• Drink at least eight glasses of water every day! The weather may be cooler, but your body still needs to be hydrated!
 
• Eat small meals throughout the day. Your appetite increases in cooler weather; eating smaller meals or snacks every two to three hours during the day will help suppress hunger and will help control your appetite and maintain a balanced blood sugar level throughout the day. Think a hand full of nuts, a piece of fruit or a salad!
 
• Eat healthy! Consume five helpings of vegetables and three fruit servings every day. Fruits and vegetables are nutrient rich with high water content and low fat and calories overhead. Fill up with fruits and vegetables and you won’t have room for the junk food! Choose healthy proteins and concentrate on using only healthy monounsaturated fats and polyunsaturated fats.
 
• Keep a daily fitness journal. Taking note of the food you eat and your daily fitness regimen will help you make better fitness and nutrition choices.
 
Break your personal goals down into daily goals. Your long-term goal may be to lose 20 pounds, or run a marathon. Your daily goals could be to exercise for 20 minutes, drink 8 glasses of water and eat 5 servings of fruit and vegetables or add a block onto your running regimen. If you don’t meet all the goals one day, pick it up again the next … daily goals give your results you can measure and will help you achieve your long term goals!
 
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For a Healthy Heart

[Written by Peter Nielsen].
 
We don’t need to be convinced about the importance of a healthy heart. Every year approximately one of every four deaths — 600,000 people — in the United States are the result of heart disease. It is the leading cause of death for both men and women, and a major cause of disability around the world. We are all at risk, therefore it is absolutely vital that we understand that foods we eat and the amount of activity we take part in dramatically affects the overall health of our heart. You can prevent and may even reverse heart disease!
 
Research has shown that regular training can help fend off the major heart attacks by improving triglyceride counts, cholesterol levels, blood pressure, glucose metabolism, and reducing body fat. Strength training, aerobic exercise, and flexibility training work together to build a healthy, strong heart.
 
Strength training. Researchers from Harvard studied 44,000 men and found that those who lifted weights for 30 minutes or more a week reduced their risk of heart disease by 23 per cent. Strength training conditions your heart to work better when you have to lift and carry heavy objects, so your blood pressure and heart rate are lower during everyday chores.
 
Aerobic exercise. Aerobic, or cardiovascular, exercise is an activity that increases breath rates and spurs deep breathing. It includes walking, running, swimming, and dancing. Aerobic machines in gyms include rowing machines, treadmills, stepper and elliptical trainers. Aerobic exercise strengthens the heart muscle by improving the body’s ability to extract oxygen from the blood for the body’s use while improving metabolism of fats and carbohydrates to energy.
 
Flexibility training. Stretching helps relax and lengthen your muscles, encourages improved blood flow, and helps to keep you supple so you can move more easily. A study published in the American Journal of Physiology, found that while regular exercisers generally have been found to have lower rates of cardiovascular disease, participants who could not reach to or beyond their toes in the sit-and-stretch test were more likely than their flexible peers to have higher systolic blood pressure! Another recent study found that middle-age and older adults who undertook a stretching exercise regimen significantly improved the flexibility of their carotid artery, which carries oxygen-rich blood to the brain!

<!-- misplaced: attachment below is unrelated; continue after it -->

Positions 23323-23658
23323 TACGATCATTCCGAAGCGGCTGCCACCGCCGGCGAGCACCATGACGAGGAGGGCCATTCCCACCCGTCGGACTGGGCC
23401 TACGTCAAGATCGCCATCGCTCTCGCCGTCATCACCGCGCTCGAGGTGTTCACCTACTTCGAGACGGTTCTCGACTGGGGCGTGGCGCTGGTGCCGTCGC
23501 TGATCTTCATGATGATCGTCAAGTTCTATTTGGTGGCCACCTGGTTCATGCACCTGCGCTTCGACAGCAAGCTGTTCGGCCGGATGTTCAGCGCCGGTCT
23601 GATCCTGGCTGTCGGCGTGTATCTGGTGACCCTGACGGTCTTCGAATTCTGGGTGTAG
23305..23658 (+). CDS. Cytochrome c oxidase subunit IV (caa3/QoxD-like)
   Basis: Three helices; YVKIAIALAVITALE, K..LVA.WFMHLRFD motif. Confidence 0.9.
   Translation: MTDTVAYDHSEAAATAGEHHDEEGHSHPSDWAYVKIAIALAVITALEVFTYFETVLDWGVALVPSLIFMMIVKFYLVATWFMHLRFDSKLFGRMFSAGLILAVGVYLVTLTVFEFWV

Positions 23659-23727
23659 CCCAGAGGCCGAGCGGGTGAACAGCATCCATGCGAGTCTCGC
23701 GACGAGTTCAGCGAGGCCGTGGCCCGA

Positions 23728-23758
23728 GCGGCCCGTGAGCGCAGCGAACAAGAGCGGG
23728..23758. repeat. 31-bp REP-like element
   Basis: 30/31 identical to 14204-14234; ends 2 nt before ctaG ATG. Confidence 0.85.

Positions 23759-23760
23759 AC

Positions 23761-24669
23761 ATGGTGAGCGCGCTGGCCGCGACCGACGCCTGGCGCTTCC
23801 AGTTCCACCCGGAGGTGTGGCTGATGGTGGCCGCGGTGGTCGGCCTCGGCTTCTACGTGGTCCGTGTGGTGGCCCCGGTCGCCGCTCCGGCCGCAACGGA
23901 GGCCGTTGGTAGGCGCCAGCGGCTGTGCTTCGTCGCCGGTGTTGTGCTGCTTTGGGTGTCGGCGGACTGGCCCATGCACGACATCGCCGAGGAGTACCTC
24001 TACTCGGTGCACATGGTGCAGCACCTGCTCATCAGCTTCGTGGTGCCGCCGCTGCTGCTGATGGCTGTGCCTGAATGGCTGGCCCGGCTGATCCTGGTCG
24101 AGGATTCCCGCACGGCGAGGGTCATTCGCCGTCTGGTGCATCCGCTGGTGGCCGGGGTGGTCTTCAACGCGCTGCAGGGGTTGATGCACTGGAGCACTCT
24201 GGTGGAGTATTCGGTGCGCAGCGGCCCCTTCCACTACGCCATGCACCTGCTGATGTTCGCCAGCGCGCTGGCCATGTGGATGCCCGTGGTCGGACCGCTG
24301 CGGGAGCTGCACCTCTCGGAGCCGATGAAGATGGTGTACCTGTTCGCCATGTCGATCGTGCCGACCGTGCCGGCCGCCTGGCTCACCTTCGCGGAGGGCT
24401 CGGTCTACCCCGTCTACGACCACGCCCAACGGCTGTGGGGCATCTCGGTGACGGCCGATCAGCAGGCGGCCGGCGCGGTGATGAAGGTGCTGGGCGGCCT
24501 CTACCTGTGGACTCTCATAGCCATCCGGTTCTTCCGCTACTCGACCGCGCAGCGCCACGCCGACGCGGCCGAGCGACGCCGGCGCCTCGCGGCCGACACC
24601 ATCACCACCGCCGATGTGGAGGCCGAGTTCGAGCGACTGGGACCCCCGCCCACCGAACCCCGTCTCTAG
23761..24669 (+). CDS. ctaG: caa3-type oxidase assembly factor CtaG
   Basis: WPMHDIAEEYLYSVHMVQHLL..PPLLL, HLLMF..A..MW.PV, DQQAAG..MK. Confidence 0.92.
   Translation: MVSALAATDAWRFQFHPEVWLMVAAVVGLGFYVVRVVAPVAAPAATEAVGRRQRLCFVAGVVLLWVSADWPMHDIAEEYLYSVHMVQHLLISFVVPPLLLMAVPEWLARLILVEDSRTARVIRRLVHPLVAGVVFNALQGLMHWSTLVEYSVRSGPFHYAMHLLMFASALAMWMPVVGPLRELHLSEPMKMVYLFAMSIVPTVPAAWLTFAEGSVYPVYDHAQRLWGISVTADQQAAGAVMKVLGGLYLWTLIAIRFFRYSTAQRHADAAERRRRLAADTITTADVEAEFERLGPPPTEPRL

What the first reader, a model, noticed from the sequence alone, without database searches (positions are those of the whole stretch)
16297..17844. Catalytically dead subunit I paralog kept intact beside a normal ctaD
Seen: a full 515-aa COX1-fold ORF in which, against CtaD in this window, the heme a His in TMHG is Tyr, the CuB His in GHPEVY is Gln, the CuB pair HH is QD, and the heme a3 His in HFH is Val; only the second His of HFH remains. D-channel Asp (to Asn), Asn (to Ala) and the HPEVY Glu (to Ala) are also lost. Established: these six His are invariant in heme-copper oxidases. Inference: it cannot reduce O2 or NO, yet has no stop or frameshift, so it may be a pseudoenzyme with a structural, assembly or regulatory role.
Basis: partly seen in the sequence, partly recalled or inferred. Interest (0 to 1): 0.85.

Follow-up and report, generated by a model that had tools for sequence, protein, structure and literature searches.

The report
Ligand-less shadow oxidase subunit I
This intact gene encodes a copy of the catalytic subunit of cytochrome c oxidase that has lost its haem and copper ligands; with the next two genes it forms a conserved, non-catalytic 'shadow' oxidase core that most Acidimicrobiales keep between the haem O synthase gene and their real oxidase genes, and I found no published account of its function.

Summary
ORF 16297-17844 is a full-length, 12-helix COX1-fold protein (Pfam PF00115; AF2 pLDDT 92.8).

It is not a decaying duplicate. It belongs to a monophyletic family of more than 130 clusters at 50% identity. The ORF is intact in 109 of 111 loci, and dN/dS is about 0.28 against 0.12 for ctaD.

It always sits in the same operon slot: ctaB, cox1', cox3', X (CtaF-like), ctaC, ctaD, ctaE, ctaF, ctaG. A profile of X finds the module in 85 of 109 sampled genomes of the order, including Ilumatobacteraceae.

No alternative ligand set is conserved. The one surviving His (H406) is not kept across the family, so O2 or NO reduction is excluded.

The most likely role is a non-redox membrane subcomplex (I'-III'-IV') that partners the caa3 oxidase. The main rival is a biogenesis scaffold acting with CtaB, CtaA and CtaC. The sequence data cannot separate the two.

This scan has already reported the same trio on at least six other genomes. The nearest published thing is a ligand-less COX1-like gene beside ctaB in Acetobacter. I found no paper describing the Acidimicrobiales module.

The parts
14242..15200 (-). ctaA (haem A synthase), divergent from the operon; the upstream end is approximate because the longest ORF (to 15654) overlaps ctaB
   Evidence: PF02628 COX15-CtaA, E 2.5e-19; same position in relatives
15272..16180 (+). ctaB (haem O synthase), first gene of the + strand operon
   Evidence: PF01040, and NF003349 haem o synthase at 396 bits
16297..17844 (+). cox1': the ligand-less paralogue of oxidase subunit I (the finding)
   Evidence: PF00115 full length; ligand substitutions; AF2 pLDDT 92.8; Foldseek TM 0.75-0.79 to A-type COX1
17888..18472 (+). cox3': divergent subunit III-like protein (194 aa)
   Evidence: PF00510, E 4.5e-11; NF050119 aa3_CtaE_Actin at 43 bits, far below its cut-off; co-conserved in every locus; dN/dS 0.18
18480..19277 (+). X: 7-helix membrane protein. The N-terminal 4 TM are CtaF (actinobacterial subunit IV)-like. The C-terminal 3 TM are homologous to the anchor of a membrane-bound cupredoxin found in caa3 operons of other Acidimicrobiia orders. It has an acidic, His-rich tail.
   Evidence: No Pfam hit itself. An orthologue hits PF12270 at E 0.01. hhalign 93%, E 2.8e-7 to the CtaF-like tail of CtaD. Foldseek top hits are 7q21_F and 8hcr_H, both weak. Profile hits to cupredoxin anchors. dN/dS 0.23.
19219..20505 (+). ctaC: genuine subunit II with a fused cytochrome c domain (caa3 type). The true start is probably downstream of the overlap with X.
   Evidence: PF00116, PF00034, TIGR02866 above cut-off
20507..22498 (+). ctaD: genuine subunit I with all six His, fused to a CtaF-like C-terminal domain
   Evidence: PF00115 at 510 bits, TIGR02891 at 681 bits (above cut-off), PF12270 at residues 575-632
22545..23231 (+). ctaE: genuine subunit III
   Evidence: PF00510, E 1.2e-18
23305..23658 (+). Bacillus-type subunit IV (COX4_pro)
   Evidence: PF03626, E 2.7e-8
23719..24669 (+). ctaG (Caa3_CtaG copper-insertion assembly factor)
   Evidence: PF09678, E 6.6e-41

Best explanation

Small changes to your diet is another important and effective way to reduce your risk of cardiovascular disease.
 
• Reduce fat consumption, especially saturated and trans-fats.
• Eat more fruit and vegetables, wholegrain food and soluble fiber.
• Reduce salt to maintain lower blood pressure.
• Grill, bake or steam food rather than frying.
• Limit intake of trans-fats from processed food.
• Eat at least two portions of omega-3 rich fish, such as salmon, each week.
 
If you are overweight, you may increase the risk of heart disease as much as eighty percent! Eat a healthy diet and , take regular exercise, and you’ll live healthy, strong and long!
 
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Brain Workout

[Written by Peter Nielsen].
 
The benefits of exercise for brain health have long been accepted, but new research just added a big item to the long list of bonuses for the brain from physical fitness!
 
We know that the benefits of physical exercise, especially aerobic exercise, have effects on brain functions. A study done by the Department of Exercise Science at the University of Studies has shown that even 20 minutes of exercise will improve information processing and memory functions. Exercise increases heart rate and pumps more oxygen to the brain. It aids the release of a number of hormones which aid in and provide a nourishing environment for the growth of brain cells. Exercise also stimulates the brain by boosting the growth of new connections between cells in cortical areas. Researchers also found that the antidepressant-like effects associated with “runner’s high” is caused by a drop in stress hormones which is associated with added cell growth in the hippocampus, an area of the brain responsible for learning and memory. This increase in brain activity increases the brain’s need for food.